When I was a kid, my dad used to take me to junkyards with my brothers and tell us about the cars there. It was as good as a car museum and usually free. No one bothered you to tell us not to touch what we saw. And we sometimes got a chance to see a few mummified cats, possums, and mice dehydrated into furry wafers with teeth. We absolutely loved it.

      I learned a hell of a lot in junkyards. I learned how cars age, which materials rot faster than others, what the sun does to some paint jobs, chrome and interiors, and how some cars are utterly destroyed in horrible wrecks. I saw how fragile cars really are, and how complicated they can also be.

      Dad would take me to the far reaches of some yards, right to the most rusted skeletons of cars from the 1920s. I saw Hudsons, Nashes, Studebakers, Dodge Brothers, Overlands, Oldsmobiles, Hupmobiles, Fraziers, Crosleys, Plymouths, as well as current makes.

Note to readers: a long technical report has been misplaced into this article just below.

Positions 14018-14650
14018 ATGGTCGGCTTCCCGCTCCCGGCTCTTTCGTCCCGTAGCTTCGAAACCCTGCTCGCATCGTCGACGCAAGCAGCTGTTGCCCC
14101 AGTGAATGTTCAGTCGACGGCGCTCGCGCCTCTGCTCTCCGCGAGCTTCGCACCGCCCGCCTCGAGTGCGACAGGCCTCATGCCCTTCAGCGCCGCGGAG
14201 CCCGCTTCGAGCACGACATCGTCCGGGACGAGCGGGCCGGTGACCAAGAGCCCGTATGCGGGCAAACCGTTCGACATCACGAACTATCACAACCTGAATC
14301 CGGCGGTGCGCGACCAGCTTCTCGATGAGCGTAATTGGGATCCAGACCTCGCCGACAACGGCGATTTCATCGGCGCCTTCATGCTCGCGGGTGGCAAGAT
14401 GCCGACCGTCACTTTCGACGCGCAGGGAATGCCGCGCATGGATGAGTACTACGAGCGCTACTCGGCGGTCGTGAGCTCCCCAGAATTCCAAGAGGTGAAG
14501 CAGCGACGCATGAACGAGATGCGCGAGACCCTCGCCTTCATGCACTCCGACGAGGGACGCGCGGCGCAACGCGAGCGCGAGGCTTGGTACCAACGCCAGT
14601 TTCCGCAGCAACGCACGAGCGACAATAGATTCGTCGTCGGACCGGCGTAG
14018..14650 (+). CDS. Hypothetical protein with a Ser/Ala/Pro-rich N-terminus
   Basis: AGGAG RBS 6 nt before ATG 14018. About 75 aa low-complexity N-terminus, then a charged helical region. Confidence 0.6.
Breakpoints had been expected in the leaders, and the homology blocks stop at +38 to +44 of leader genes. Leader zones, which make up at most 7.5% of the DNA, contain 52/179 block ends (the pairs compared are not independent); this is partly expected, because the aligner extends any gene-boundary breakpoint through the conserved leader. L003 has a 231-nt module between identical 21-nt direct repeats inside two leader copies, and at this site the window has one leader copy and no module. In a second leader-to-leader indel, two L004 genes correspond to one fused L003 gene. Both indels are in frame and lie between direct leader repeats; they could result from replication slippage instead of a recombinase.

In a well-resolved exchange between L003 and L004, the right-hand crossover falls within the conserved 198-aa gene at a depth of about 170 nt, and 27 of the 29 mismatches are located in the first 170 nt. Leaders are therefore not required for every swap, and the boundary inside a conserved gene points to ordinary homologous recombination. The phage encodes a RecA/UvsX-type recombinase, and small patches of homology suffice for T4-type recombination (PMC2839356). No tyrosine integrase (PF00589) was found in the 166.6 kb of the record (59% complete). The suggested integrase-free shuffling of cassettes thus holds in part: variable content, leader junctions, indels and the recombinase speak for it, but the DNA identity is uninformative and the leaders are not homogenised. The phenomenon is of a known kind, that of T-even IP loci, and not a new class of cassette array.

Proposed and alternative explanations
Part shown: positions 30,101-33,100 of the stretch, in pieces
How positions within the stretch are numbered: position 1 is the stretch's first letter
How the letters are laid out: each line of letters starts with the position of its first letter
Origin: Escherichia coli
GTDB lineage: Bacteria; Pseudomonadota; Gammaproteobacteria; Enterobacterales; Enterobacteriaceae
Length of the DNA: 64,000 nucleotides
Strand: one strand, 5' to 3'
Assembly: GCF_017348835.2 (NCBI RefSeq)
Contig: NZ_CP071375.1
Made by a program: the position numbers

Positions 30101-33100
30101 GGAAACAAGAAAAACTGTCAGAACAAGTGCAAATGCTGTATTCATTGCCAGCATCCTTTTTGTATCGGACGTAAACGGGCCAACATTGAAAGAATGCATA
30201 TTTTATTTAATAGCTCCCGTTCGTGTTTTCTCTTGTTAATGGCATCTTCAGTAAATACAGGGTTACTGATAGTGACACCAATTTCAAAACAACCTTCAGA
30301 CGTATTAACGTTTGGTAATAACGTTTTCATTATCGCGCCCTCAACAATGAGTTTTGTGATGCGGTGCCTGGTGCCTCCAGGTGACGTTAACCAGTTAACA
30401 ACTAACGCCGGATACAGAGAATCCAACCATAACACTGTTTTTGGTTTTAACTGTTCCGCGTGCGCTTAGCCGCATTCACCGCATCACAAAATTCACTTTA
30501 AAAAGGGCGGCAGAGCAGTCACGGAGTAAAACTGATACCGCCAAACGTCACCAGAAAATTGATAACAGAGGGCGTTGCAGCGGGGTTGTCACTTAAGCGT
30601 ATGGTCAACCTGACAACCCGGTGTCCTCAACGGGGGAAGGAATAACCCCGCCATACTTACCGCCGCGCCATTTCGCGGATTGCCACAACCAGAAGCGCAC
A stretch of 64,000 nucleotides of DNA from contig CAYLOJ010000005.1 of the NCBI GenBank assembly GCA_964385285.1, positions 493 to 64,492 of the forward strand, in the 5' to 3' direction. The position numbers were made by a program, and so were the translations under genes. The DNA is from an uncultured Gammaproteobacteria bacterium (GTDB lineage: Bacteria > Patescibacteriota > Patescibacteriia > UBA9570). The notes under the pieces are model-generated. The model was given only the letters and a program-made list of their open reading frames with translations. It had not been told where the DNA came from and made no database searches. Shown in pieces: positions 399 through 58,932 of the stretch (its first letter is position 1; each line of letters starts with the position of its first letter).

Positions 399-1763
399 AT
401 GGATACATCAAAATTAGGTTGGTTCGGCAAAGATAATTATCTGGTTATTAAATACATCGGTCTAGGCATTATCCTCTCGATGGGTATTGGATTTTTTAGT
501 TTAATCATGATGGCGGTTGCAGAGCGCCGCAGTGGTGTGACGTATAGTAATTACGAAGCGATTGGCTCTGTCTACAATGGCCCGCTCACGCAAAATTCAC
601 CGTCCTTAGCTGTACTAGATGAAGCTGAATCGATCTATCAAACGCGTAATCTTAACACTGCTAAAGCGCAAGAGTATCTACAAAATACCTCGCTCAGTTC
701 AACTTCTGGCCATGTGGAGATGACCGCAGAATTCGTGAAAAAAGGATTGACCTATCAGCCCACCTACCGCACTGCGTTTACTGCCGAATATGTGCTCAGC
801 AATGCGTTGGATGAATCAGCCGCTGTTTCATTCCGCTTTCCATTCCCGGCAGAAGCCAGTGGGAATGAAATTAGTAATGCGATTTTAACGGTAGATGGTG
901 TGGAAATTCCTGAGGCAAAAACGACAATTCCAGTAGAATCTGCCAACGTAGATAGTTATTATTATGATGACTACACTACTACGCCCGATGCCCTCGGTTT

Touching the pitted chrome rear bumpers of a 1958 Buick, looking at the twin rocket badge of a Hudson, seeing the six pointed Dodge Brothers star, looking through the broken column window of a Frazier Manhattan four door convertible. Listen, we talk a lot about recycling and environmentalism, and a junkyard is about as honest and simple as you can go. Frown all you want about a junk car being an eyesore, and they are when not in the right place – but junkyards should not be considered beneath anyone’s dignity to view. Hiding junkyards only hides the truth about our mass consumption and a car’s “Circle of Life”.

      You can spend a lot of time in a junkyard and see the coolest things. It is definately a guy thing, and a hell of a lot of fun. As a matter of fact, if I owned a junkyard I would set it up so that tours could be safely arranged in groups.

    • 0 avatar
      mad_science

      Because for the $2 admission, they’re the cheapest hands-on automotive museums around.

      Where else are you allowed to buy items from an exhibit if you think they’re interesting?

    • 0 avatar

      I’m always looking for a few things for my projects and those of my friends, so when I have an hour to spare I walk through a local yard and see what’s interesting. Living in a major urban area means I’m always within 10 minutes of many junkyards. The yards here in Denver don’t have quite the inventory turnover of those in (coastal) California, but they’ve got more weird Subarus and IHC products.

      • 0 avatar
        Sinistermisterman